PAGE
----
Meanwhile, the outflow and lack of high-educated workers effects on all European regions but particularly border regions. For economies that depend on innovation, knowledge generation, as well as quality production, a lack of high-skilled workers causes significant problems. Those economies must develop strategies to attract and retain human capital in order to foster their regional innovation activities and to stay competitive. It is quite known that transnational migration patterns can influence regional economic development positively. This happens by the return of migrants (re-migration) into the region or by the attraction of highly educated from abroad and the (re-) starting of regional activities, which e.g. can generate positive regional effects.
In the sub-project BRAND as part of the INTERREG IV C ‘Brain Flow’ Mini-Programme, which is funded by the ‘European Regional Development Fund’ (ERDF), five border regions (North-Rhine Westphalia, Värmland, Hedmark, Basel, Twente) are engaged in the development of strategies and instruments and capacity building to gain high-educated workers by the use of regional alumni networks and their networks to further regional and inter-regional partners. The project ratio aims at retaining the professionals after their graduation or making once migrated highly skilled return to their home region. It seems that highly skilled, who lived for some time or were born in a specific region are more likely to return to this, in comparison to those who never were connected regionally. Therefore, in the project we concentrate on regional alumni, which keep contacts to their home region and the regional alumni networks wherever they live or work. One of the main conditions for returning of highly educated is a ‘warm place feeling’ towards the home region and the information they possess about the regional economy and development. This information must be given to the leavers before they go. But the reality is different, many of the leavers do not even know the regional economic structure or the companies allocated in the region and they do not know what options are open to them. So, the mediation of regional facts, information and a ‘positive feeling’ to alumni before they leave is important and can influence their location decision. This is something to work on within the border regions. An important mechanism for spreading a positive and ‘warm place feeling’ and making people return is the creation of strong regional networks, especially alumni networks. These are exchange platforms for resources such as knowledge, images, regional pictures, social capital etc. In this sense, alumni networks can even reach a transnational dimension by interlinking each other across borders – especially in border regions where direct exchanges can easily be realised due to short implementation pathways.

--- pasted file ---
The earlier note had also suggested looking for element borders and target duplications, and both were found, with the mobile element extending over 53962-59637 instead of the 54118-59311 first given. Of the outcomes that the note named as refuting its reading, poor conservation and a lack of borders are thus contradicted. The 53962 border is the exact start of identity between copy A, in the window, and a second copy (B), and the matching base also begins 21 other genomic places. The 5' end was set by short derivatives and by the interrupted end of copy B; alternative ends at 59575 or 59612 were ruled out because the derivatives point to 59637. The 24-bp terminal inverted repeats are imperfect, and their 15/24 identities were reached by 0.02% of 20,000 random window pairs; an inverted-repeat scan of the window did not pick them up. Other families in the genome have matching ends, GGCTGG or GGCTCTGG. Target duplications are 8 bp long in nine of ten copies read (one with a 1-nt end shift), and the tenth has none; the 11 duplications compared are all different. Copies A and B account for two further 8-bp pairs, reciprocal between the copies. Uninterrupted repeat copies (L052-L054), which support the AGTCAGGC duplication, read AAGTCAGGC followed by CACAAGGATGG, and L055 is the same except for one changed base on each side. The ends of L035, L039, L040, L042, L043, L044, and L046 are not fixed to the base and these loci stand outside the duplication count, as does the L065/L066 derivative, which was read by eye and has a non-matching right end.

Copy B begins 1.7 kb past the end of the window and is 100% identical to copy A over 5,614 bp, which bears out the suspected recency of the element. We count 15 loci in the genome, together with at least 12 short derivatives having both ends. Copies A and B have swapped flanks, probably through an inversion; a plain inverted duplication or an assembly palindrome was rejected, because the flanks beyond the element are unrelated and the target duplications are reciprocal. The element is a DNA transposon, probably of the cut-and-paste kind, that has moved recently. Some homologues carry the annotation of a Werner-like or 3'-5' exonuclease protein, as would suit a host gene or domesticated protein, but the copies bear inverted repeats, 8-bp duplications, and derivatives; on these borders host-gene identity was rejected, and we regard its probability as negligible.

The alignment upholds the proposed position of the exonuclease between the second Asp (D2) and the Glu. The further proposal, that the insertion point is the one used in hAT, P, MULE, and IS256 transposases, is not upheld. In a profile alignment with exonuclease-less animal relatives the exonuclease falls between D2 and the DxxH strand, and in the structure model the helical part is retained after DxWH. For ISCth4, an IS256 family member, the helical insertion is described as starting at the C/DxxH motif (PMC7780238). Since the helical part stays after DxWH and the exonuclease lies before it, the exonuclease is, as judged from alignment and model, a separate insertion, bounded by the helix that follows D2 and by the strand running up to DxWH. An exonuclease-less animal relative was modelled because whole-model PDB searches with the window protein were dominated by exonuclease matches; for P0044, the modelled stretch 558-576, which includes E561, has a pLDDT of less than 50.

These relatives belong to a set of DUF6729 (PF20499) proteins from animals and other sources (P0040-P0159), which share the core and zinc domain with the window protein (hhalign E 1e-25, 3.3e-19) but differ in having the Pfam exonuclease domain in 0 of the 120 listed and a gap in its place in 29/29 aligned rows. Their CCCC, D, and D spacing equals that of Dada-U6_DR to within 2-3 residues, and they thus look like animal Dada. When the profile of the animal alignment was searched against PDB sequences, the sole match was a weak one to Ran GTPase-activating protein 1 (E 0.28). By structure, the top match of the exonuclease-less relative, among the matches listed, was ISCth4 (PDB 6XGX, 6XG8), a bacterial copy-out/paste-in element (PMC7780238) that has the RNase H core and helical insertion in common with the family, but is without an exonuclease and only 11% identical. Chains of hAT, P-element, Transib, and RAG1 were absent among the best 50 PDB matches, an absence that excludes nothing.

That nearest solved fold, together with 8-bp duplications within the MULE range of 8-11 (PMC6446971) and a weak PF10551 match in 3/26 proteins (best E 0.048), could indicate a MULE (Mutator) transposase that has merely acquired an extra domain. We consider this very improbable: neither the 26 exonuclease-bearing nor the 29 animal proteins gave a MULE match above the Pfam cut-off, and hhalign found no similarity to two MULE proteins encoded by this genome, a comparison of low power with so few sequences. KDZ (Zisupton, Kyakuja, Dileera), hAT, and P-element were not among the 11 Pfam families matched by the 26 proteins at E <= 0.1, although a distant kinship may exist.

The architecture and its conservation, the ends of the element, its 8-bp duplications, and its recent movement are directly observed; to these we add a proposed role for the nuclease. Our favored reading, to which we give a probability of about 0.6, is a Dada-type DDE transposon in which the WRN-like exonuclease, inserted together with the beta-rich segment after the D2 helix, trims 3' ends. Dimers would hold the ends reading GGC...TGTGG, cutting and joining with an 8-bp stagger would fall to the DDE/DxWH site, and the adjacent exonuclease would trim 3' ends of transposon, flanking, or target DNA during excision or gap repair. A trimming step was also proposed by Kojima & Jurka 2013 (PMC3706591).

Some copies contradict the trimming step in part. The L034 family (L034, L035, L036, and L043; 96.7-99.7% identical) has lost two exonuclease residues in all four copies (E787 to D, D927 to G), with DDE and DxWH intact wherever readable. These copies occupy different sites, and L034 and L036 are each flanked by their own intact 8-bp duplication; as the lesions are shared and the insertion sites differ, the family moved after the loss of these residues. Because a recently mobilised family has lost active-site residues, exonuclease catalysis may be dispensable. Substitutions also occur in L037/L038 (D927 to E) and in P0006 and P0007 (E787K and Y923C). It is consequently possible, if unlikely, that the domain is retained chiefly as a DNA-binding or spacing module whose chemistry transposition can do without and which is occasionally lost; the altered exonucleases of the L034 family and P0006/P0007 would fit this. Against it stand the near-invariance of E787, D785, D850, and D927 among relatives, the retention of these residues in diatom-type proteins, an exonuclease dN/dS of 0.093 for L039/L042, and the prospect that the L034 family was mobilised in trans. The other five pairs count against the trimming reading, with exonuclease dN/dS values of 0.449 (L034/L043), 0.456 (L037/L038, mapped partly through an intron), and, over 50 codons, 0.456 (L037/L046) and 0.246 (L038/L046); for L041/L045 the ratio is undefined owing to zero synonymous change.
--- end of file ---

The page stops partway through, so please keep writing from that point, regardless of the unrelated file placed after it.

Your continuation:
To reach the goal of keeping alumni in the region or to make them return, three project phases will be accomplished. Firstly, we will have a review on regional (re-)migration patterns. Secondly, the current regional alumni situation will be analysed. And thirdly, a regional guideline and a joint action and business plan for strengthening and improvement of regional alumni networks and their trans-national interlinking activities will be designed and implemented regionally. Additionally, policy recommendations will be accomplished at the regional and national level to stimulate policy activities and to support regional alumni networks.